Online service providers like Google, Apple, Amazon Web Services, and Facebook provide us invaluable internet “utilities” for search, storage, connectivity and communication, and have essentially stepped in as the internet’s trust layer. They act as an intermediary so that we can all “securely” transact and connect with one another, but it’s come at the cost of these centralized service providers becoming incomprehensibly powerful by monopolizing almost all of the internet’s so-called real estate. Being in the position of intermediary gives them unprecedented access to user data, from which they profit tremendously.

Web 3.0 “aims to wrestle ownership away from the corporations that rule the internet as it exists today.” The decentralizing force of web 3.0 attempts to de-throne this corporate web nobility, shift power from the center to the edges, and drive “open, trustless and permissionless” networks.-

"Web 3 is essentially a new way for individuals to use the Internet without giving up their privacy and valuable data."

Web 3.0 has the paradigm-shifting potential I was seeking in my poli sci classes. Web 3.0 is facilitating peer-to-peer trust and transactions without using costly or opaque intermediaries, attempting to flip organizational structures from community input to community led, and is starting to force governments and legacy institutions to adapt to these changes. 

Web 3.0 has implications across all industries, advantages for all members of society, and arguably, for the planet. Web 3.0 could radically change government structure, how we interact with government, reduce or eliminate bureaucracy, and even eliminate our current concept of corporations.

It also has implications for all brands and organizations with a digital presence engaged in marketing and communications. Consider that future generations will be much more averse to big tech profiting off their data. This has far reaching implications for the current state of digital ad tech. Additionally, as time goes on, more people than ever before won’t need to trust brands; they will be able validate claims brands make using public blockchain ledgers. Brands that adapt to these cultural shifts will remain competitive while others will fall behind.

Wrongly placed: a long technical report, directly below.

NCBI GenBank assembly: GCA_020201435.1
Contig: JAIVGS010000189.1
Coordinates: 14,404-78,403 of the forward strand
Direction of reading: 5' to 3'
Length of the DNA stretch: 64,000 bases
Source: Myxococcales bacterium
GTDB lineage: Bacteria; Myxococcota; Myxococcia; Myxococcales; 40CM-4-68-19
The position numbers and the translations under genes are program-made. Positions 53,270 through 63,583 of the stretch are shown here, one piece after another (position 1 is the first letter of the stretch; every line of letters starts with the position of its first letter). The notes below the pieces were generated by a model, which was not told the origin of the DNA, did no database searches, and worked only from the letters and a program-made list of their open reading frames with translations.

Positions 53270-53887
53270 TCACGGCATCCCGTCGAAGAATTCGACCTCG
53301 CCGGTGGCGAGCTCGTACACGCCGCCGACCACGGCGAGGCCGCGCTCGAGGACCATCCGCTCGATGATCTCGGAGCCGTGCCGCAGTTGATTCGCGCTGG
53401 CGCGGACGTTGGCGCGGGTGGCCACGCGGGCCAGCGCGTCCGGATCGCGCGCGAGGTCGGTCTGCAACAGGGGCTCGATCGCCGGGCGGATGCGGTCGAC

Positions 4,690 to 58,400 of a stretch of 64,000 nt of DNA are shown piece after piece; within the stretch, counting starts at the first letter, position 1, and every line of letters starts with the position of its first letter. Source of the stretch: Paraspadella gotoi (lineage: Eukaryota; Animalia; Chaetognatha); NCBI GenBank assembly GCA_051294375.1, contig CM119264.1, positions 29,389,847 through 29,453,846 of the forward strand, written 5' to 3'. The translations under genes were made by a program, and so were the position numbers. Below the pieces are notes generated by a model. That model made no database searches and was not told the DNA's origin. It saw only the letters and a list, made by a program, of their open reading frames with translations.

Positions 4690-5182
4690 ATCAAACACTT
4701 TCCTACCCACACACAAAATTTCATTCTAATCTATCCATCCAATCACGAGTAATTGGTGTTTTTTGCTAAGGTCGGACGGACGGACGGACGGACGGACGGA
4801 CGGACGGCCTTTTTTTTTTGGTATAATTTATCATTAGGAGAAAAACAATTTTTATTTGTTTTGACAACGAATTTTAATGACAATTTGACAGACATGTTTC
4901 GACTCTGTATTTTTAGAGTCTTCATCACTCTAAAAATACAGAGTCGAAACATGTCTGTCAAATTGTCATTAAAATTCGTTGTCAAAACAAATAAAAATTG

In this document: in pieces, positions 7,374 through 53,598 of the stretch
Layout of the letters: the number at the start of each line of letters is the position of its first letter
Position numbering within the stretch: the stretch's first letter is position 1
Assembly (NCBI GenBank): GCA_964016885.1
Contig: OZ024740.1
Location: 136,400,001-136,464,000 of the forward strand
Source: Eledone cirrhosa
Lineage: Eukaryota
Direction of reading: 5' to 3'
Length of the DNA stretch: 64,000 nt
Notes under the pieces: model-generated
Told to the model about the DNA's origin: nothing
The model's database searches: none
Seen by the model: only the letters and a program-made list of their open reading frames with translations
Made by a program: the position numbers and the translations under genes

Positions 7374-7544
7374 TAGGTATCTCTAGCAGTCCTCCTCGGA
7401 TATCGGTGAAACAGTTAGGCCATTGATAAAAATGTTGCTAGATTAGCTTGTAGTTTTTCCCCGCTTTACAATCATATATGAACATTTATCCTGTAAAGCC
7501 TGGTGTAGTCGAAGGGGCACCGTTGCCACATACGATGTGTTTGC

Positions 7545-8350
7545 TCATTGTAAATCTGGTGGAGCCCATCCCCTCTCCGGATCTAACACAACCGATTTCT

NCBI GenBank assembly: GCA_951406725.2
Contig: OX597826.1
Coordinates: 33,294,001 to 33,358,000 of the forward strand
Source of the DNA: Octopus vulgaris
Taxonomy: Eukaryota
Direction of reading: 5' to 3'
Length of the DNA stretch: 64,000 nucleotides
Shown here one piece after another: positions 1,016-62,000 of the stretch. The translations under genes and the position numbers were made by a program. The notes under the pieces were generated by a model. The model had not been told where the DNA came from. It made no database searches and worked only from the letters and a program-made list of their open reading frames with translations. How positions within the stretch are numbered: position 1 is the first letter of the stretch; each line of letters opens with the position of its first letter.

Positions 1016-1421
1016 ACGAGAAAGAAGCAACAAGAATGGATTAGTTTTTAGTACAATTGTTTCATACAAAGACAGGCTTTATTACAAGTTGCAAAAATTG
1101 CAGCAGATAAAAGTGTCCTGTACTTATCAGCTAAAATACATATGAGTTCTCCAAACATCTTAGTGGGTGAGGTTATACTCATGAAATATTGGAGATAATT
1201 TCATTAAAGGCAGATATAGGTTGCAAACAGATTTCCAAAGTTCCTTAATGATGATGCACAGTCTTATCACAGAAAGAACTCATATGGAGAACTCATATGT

I feel deeply engaged when considering complex systems that govern our world, so I spend a lot of free time studying. I believe that preserving native habitat, protecting oceans, practicing indigenous, regenerative approaches to agriculture, and eating food from nearby are some of the most overlooked aspects of reducing the rate and intensity of human caused climate change, an area of study in which I take a deep interest. I’m also interested in scaling the circular economy and leveraging blockchain technology to radically decentralize institutions where power has been traditionally concentrated. My curiosity is boundless and I enjoy seeking out primary sources.

In addition, I love to be in the kitchen and outside. In 2013, I took a NOLS course, where I spent 30 life-changing days immersed in the Alaskan wilderness. This intimate experience with living deliberately in nature stirred something deep inside me that continues to guide me. 

My experience in Alaska then inspired me to start rock climbing. By way of climbing, I’ve explored some of the most inspiring places in North America and pushed past my perceived physical and mental limits.

Above all, I seek to challenge myself and challenge norms, pursue adventure and rigorous thinking, cultivate mindfulness in ordinary activities, and use my marketing and communications skills for the betterment of the planet and society. As I continue on this journey, I fall more humbly and deeply in love with all that nature provides. 

Erin DeMarco Erin DeMarco